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Document Max. Freq Min. Freq
Harper's Encyclopedia of United States History (ed. Benson Lossing) 1,126 0 Browse Search
D. H. Hill, Jr., Confederate Military History, a library of Confederate States Military History: Volume 4, North Carolina (ed. Clement Anselm Evans) 528 0 Browse Search
J. B. Jones, A Rebel War Clerk's Diary 402 0 Browse Search
A Roster of General Officers , Heads of Departments, Senators, Representatives , Military Organizations, &c., &c., in Confederate Service during the War between the States. (ed. Charles C. Jones, Jr. Late Lieut. Colonel of Artillery, C. S. A.) 296 0 Browse Search
Horace Greeley, The American Conflict: A History of the Great Rebellion in the United States of America, 1860-65: its Causes, Incidents, and Results: Intended to exhibit especially its moral and political phases with the drift and progress of American opinion respecting human slavery from 1776 to the close of the War for the Union. Volume I. 246 0 Browse Search
Rebellion Record: a Diary of American Events, Diary from December 17, 1860 - April 30, 1864 (ed. Frank Moore) 230 0 Browse Search
Southern Historical Society Papers, Volume 24. (ed. Reverend J. William Jones) 214 0 Browse Search
Southern Historical Society Papers, Volume 9. (ed. Reverend J. William Jones) 180 0 Browse Search
Brigadier-General Ellison Capers, Confederate Military History, a library of Confederate States Military History: Volume 5, South Carolina (ed. Clement Anselm Evans) 174 0 Browse Search
Hon. J. L. M. Curry , LL.D., William Robertson Garrett , A. M. , Ph.D., Confederate Military History, a library of Confederate States Military History: Volume 1.1, Legal Justification of the South in secession, The South as a factor in the territorial expansion of the United States (ed. Clement Anselm Evans) 170 0 Browse Search
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Browsing named entities in The Daily Dispatch: August 1, 1861., [Electronic resource]. You can also browse the collection for North Carolina (North Carolina, United States) or search for North Carolina (North Carolina, United States) in all documents.

Your search returned 4 results in 3 document sections:

The Daily Dispatch: August 1, 1861., [Electronic resource], Partition of territory in the Old Union. (search)
he cession of this tract of slave territory, which contained 239,558 square miles, the proportion between free and slave territory was at once greatly changed; for the free territory which had before the cession been but one fifth of the whole country, was by this voluntary act of a slave State, increased to more than one-half. The relative extent of the two sections now stood thus: Free territory, 409,220 square miles; slave territory, 398,458 square miles.--Of the latter, the States of North Carolina, South Carolina and Georgia conveyed 142,856 miles to the United States, on condition that slavery should not be interfered with; and upon this condition it was accepted, and since that time have been created out of it the States of Tennessee, Alabama and Mississippi. Thus, it will be seen, that in the first partition of territory, it was freely and generously divided by the slave States with the free, the former giving up their preponderance of territory, and of their own accord puttin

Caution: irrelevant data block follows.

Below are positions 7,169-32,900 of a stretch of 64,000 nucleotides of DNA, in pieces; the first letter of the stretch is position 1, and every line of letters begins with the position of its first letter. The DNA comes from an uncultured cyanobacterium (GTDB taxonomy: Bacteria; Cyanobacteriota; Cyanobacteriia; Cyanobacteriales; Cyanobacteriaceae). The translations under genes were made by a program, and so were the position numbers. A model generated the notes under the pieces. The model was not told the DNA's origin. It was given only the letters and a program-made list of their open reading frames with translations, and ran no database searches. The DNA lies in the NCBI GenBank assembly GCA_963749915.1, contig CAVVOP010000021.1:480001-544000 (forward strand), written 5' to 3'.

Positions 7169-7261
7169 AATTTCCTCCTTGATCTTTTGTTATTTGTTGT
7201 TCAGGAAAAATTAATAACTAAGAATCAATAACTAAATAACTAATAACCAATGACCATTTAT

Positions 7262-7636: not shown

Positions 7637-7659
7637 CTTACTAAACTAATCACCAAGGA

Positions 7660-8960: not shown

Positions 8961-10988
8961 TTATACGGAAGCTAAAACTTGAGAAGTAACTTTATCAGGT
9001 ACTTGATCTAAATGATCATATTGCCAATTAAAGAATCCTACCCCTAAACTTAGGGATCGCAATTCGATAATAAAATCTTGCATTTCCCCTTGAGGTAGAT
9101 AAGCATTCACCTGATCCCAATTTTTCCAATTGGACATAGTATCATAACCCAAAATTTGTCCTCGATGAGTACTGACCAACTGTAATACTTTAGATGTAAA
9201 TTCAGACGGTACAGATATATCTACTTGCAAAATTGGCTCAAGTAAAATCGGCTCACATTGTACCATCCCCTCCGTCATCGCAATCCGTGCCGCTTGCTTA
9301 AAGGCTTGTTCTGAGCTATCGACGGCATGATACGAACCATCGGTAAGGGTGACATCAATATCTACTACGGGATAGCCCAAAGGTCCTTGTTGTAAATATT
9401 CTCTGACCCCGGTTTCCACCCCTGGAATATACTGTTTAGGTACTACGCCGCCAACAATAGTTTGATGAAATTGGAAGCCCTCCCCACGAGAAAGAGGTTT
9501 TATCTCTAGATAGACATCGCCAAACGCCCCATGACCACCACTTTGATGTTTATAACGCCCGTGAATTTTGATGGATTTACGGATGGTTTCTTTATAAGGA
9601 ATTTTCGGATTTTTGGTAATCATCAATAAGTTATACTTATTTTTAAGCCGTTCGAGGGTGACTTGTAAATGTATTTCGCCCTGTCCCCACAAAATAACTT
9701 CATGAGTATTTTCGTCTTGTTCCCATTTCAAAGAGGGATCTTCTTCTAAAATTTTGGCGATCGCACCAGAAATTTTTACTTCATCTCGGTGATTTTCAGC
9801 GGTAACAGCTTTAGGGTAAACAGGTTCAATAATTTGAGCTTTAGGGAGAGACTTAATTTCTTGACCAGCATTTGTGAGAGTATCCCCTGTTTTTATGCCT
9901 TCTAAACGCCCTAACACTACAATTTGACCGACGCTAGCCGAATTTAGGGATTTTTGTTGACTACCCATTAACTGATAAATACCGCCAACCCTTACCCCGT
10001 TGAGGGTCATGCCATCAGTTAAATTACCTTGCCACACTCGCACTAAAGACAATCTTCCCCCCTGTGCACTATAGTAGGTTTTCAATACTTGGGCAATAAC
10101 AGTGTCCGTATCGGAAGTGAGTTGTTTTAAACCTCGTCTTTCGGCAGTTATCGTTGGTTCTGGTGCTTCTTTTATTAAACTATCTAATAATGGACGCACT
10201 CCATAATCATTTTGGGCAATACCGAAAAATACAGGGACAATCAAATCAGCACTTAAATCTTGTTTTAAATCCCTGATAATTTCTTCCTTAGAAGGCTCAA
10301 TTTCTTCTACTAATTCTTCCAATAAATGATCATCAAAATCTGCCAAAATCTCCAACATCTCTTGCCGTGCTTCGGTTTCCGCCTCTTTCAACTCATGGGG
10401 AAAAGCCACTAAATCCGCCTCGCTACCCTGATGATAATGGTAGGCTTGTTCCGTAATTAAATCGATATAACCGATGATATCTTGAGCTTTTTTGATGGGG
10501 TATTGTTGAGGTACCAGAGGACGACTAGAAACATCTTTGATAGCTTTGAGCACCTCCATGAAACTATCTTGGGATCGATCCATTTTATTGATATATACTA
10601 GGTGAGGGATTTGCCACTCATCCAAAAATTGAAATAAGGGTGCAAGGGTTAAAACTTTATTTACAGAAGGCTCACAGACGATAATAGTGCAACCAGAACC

receive and muster into the service of the Confederate States of America the First Regiment of North Carolina Volunteers, now stationed at Yorktown, for the term of six months from the time they were sworn in and mustered into the service of North Carolina, and to discharge them after the expiration of that period; said period to commence at the time the first company of said Regiment was mustered into the service of North Carolina. Resolved, further, That the Cadets from the North Carolin and mustered into the service of North Carolina, and to discharge them after the expiration of that period; said period to commence at the time the first company of said Regiment was mustered into the service of North Carolina. Resolved, further, That the Cadets from the North Carolina Institute, at Charlotte, who may have been acting with said Regiment, be mustered into service in the same manner as the residue of the Regiment, and recognized as part thereof, with the pay of privates.
The Daily Dispatch: August 1, 1861., [Electronic resource], General Toombs' Brigade--Second Georgia Regiment. (search)
A Naval engagement. A correspondent of the Raleigh Standard furnishes a graphic account of an engagement (heretofore noticed) at Oregon Inlet, on the North Carolina coast, between the steamer Beaufort, Lieutenant Duval, and a Federal steamer, name unknown. We copy a portion: On the 20th the weather was exceedingly rough and disagreeable — a stiff "sou' wester" prevailing all day — a more uncomfortable position than ours cannot well be imagined.--The wind moderated very considerably during the evening, and on Sunday, the 21st, the sun rose grandly and beautifully, seemingly refreshed by the long nap which he had taken on Friday and Saturday, the 19th and 20th.--There was a serenity and blandness in the air peculiar to Sundays the world over, and under the circumstances, doubly grateful to us. The officers of the "Beaufort" had been courteously invited on the day previous, by Col. Morris, to dine on shore, and early in the morning were busy with preparations to make a respec